I lay in that room trying to find my way past that veil, to reach back to that love, but like all of the moments leading up to that one, it was already gone.

* In Search of Lost Time-a rough translation

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Paris Diaries: Vengeance, Thy Name is Bunni
"Through me enter the population of loss" Canto 3 Dante's Inferno

"Everyone lies, good guys lose, and love does not triumph over all" Swimming With Sharks

After midnight, Nana was ushered to bed. While far from well, I was much stronger and more aware than the night before. I got into bed, the Sauvage took off his clothes and tried to seduce me. "Not tonight," I said, "I'm sick." "You said no last night too" he responded. This was the same man who hours earlier was joking about burning his fingers on my skin my fever was so high. "I was sick last night too." He tried to push forward, but I was strong enough to push back. "I need my rest," I said to him, "I'll make love tomorrow." "It's difficult for me, you understand," he said, "I've been waiting for so long."

If I had enough French, I would have said "If you've waited so long, one more day won't matter. What about during our vacation in August when you weren't in the mood for four days in a row? Wasn't I supposed to be understanding? Hadn't I been? But now when I am sick, I am still supposed to be une putain respectueuse?" 1. Had I not been furious about the night before, I was certainly enraged about this. I'm all about Quid Pro Quo. If I respect your health issues, then you damn well better respect mine or I'll give you some health issues to respect.

After I made it clear I could not be reasoned with or forced, he fell asleep as did I. I woke at 2:11 to an empty bed. The Sauvage had gone to sleep with Nana in her room and meticulously closed all the doors between him and me. I went back into the living room ambivalent about what he had done. Was this a punishment for denying him sex? Was he really playing his love for his daughter to make me jealous? And why did I feel both relieved and insulted at the same time?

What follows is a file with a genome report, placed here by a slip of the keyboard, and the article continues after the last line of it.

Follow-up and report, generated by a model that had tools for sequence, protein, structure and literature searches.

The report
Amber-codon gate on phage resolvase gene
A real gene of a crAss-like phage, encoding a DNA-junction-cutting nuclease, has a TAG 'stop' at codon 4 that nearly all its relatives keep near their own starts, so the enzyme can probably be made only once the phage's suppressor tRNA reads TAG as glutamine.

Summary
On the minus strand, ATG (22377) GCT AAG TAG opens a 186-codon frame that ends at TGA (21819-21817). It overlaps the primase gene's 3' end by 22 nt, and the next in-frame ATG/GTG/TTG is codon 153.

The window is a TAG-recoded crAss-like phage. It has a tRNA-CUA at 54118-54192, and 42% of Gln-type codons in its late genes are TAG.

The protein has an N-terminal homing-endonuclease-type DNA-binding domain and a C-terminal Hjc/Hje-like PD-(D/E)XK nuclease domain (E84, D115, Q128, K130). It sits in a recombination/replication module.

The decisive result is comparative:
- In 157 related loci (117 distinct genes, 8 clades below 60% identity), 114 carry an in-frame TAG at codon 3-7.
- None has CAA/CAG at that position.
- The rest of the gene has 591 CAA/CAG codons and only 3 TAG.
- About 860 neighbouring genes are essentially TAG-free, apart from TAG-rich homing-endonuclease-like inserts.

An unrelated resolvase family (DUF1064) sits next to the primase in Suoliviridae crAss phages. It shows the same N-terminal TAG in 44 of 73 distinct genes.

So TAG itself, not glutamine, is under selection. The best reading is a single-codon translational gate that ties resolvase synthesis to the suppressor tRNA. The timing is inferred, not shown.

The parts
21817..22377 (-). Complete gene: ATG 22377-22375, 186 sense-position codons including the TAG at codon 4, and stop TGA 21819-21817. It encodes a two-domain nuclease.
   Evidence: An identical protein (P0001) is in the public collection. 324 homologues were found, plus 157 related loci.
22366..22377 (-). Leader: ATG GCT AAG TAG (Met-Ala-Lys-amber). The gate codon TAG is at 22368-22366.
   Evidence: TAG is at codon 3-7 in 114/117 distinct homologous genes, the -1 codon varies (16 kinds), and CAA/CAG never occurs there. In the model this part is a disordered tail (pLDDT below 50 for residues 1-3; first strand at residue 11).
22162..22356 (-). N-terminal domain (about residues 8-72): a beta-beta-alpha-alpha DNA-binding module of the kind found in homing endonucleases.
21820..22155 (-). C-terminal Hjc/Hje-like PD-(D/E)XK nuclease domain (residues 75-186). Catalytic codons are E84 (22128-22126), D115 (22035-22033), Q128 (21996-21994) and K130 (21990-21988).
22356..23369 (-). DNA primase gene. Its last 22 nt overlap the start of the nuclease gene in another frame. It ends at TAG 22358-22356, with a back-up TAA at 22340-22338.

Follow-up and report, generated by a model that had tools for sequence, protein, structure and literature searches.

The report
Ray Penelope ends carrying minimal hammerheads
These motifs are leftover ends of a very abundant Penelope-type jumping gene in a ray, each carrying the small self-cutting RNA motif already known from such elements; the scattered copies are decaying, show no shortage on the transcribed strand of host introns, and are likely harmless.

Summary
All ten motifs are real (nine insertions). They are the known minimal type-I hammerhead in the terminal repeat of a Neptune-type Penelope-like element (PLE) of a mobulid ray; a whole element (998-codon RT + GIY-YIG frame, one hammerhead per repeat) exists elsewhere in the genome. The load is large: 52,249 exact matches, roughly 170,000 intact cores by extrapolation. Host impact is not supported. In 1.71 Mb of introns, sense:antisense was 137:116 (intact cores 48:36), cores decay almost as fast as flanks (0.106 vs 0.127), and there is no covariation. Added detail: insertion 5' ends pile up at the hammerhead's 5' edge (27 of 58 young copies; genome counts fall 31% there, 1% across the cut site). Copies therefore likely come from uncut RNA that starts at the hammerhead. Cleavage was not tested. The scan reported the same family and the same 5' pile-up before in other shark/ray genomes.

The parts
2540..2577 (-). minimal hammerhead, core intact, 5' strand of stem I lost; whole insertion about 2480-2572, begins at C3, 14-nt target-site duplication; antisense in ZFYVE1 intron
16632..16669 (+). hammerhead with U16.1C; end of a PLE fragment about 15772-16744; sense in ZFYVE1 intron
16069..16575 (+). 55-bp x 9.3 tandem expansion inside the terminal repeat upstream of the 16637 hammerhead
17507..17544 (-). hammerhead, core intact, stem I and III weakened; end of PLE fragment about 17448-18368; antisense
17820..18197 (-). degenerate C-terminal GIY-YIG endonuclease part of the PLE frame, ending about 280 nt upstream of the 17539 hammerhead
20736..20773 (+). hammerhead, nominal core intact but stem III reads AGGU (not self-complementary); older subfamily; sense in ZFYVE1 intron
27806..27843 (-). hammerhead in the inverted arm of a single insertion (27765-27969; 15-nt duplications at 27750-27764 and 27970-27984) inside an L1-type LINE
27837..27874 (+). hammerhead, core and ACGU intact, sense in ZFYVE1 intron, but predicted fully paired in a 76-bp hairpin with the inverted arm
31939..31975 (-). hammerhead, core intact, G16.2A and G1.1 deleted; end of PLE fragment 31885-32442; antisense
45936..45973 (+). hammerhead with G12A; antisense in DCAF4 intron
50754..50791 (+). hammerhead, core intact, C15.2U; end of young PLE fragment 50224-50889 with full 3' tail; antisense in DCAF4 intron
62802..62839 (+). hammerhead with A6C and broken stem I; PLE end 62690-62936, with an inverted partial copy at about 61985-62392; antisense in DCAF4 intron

I returned to the bedroom and slept uneasily. I woke at 8:15 and waited for signs of life in the other room. In the past ,Nana was an early riser, but by 10:45 they still weren't awake. I sat and read 40 pages of In Ruins. Then I made a pot of tea.

Finally, I contemplated my options. I wrote them down in my journal as follows:

1. stay here and hope things change
2. find a hotel in Paris and convalesce there until my return state side
3. book a flight to Florence, Venice, or Edinburgh
4. see if I can change my ticket for an earlier flight

I looked at the clock and thought "Christ, if I was home, I would just be stumbling back from some bar or party about now." I assessed my current health condition in terms of traveling-I still had a fever, my body ached, and my throat was sore-not a good condition for a plane, but certainly well enough to get to a hotel. I looked out at Paris and thought, "I just want to go home. I want to curl up with my cat and some theraflu. If I can't do that I want a nice lush hotel with clean sheets and fluffy covers. Someplace safe. Someplace where I can be sick in my own way and not have to fend off advances or choke down dinner. Someplace where I can be alone."

I knew one thing-staying with the Sauvage was not an option.

As I sat reading and waiting and planning and contemplating, I realized what he was doing. He was trying to give me a taste of my own medicine. I spent yesterday sleeping because I was horribly ill-so now he was holing up with his daughter to teach me a lesson. And I began to realize what kind of person I was dealing with. As I said, language can only protect you for so long-sooner or later character comes through . What he didn't realize was that he just making my decision easier and giving me more time to plan how to escape.

At 11:30, he finally surfaced, and I discovered that I had no voice, literally. He was affectionate with me acting as if he hadn't gotten up in the middle of the night leaving me sick alone in bed. When I asked him why he changed beds, he claimed the bed hurt his back. Funny how that never happened before. He asked if I want to see a doctor. I reflected on this option, but what good would it do? Would the doctor even be able to understand me? And if he could, would I be able to understand him. And even so, it was just a bad flu. All I needed was rest and some tea with honey and to get my ass back to the land of martinis and manicures.